The more I think about it, I don’t think this is wrong. An obituary is not considered unseemly public mourning, even when it is generally fawning. Let a thousand obituaries bloom. We’re all citizen journalists or something, right? All of our endless debates about social media and journalism? Let them spill over to the obituary page. There are artists that mean a lot to me and a small group of others, and when they die, I post something about it. No one complains then, because the artist wasn’t as loved? Because only a few people care? That math doesn’t really seem relevant to my emotions, nor does whether a bunch of other people are going to comment. It feels like it would be emotionally dishonest to take that into consideration.
My girlfriend pointed out that she felt anti-Twitter-RIP sentiment with Steve Jobs, and everyone already knew about him and so it wasn’t really needed. That’s certainly true, though I think it was a bit of a special case. His biography was rushed forward, and so there was a book coming out more or less at the same time. This made the Jobs case a sort of special exception, in that the chatter was intermingled chatter with a book that has now spent 7 weeks at the top of the bestsellers charts. Thus the book becomes an item there would be a substantial amount of chatter around on its own. Of course, in another way this reinforces what I am saying – there’s a book to pick up and read, and if you weren’t really in tech but had always sort of heard about Steve Jobs, all this social chatter may well push you to finally checking him out in detail.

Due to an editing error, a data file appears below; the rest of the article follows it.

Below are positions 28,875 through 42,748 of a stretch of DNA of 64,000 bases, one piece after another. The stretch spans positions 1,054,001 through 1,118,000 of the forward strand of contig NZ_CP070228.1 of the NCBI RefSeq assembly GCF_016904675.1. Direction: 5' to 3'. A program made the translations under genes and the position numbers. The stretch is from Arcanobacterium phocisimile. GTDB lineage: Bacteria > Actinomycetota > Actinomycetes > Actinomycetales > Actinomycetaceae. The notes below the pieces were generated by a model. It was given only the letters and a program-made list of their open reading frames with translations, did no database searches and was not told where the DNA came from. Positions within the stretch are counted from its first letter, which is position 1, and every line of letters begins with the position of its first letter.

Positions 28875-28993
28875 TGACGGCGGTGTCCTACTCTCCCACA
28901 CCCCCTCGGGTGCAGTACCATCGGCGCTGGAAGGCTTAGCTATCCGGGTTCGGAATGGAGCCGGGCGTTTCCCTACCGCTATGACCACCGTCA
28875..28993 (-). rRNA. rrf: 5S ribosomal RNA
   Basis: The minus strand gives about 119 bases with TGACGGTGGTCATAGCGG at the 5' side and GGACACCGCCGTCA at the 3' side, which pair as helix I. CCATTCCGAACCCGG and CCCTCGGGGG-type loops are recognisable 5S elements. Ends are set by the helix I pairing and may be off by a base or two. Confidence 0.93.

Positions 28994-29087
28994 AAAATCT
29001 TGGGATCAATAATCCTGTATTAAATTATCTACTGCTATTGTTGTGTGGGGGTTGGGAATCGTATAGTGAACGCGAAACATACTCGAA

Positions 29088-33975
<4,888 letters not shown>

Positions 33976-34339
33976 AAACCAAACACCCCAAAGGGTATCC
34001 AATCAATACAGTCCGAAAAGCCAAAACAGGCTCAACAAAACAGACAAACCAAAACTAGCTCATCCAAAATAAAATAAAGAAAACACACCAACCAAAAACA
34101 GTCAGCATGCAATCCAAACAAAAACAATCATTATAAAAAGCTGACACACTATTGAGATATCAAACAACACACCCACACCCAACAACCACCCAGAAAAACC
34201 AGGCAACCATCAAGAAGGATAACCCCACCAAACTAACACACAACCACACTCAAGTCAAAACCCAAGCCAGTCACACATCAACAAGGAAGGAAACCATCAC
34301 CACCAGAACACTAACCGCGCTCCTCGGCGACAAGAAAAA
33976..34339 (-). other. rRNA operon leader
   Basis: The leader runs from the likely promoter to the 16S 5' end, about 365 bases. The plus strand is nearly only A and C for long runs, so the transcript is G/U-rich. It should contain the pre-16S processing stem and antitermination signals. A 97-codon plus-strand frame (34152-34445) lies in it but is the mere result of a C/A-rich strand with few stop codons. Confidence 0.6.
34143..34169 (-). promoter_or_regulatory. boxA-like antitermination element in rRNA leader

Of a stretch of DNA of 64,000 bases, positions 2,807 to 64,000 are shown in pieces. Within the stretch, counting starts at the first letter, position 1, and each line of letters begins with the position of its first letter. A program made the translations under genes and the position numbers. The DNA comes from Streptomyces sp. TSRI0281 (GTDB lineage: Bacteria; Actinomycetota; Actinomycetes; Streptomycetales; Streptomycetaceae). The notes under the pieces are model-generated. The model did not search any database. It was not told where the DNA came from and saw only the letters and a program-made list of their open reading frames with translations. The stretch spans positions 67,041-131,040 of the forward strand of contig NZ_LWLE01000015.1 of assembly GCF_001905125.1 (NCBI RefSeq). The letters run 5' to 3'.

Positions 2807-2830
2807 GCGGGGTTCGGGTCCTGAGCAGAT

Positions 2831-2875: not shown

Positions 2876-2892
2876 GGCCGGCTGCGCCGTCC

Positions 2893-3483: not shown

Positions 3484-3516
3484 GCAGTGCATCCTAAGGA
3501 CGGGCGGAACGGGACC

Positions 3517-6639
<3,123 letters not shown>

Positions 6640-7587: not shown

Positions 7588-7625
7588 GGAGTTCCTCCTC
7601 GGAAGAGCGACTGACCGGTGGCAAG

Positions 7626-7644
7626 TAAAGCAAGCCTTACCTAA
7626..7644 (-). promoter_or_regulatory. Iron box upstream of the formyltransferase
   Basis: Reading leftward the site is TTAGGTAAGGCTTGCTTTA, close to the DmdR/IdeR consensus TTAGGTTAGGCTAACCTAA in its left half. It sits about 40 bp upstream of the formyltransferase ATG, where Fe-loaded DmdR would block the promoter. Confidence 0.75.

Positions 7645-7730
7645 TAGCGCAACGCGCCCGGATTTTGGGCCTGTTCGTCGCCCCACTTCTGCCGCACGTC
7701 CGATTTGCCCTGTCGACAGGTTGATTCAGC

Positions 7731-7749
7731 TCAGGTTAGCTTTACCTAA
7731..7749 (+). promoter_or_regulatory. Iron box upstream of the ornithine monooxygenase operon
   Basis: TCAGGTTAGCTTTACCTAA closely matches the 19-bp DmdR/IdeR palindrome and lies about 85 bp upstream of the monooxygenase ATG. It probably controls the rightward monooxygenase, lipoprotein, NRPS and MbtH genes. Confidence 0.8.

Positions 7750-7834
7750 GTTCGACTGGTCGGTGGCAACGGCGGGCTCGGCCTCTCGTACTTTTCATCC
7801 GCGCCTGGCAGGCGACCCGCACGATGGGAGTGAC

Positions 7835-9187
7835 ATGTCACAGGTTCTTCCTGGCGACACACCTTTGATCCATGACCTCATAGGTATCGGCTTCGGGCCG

The other reason is this: if I have to see my Twitter stream filled up with talk of Tim Tebow or whatever-music-awards-show-is-on-that-I-have-never-even-heard-of or GOP debates again and again, well, I think for one day it can be filled up with chatter about one of the most intelligent and honest people in American intellectual discourse.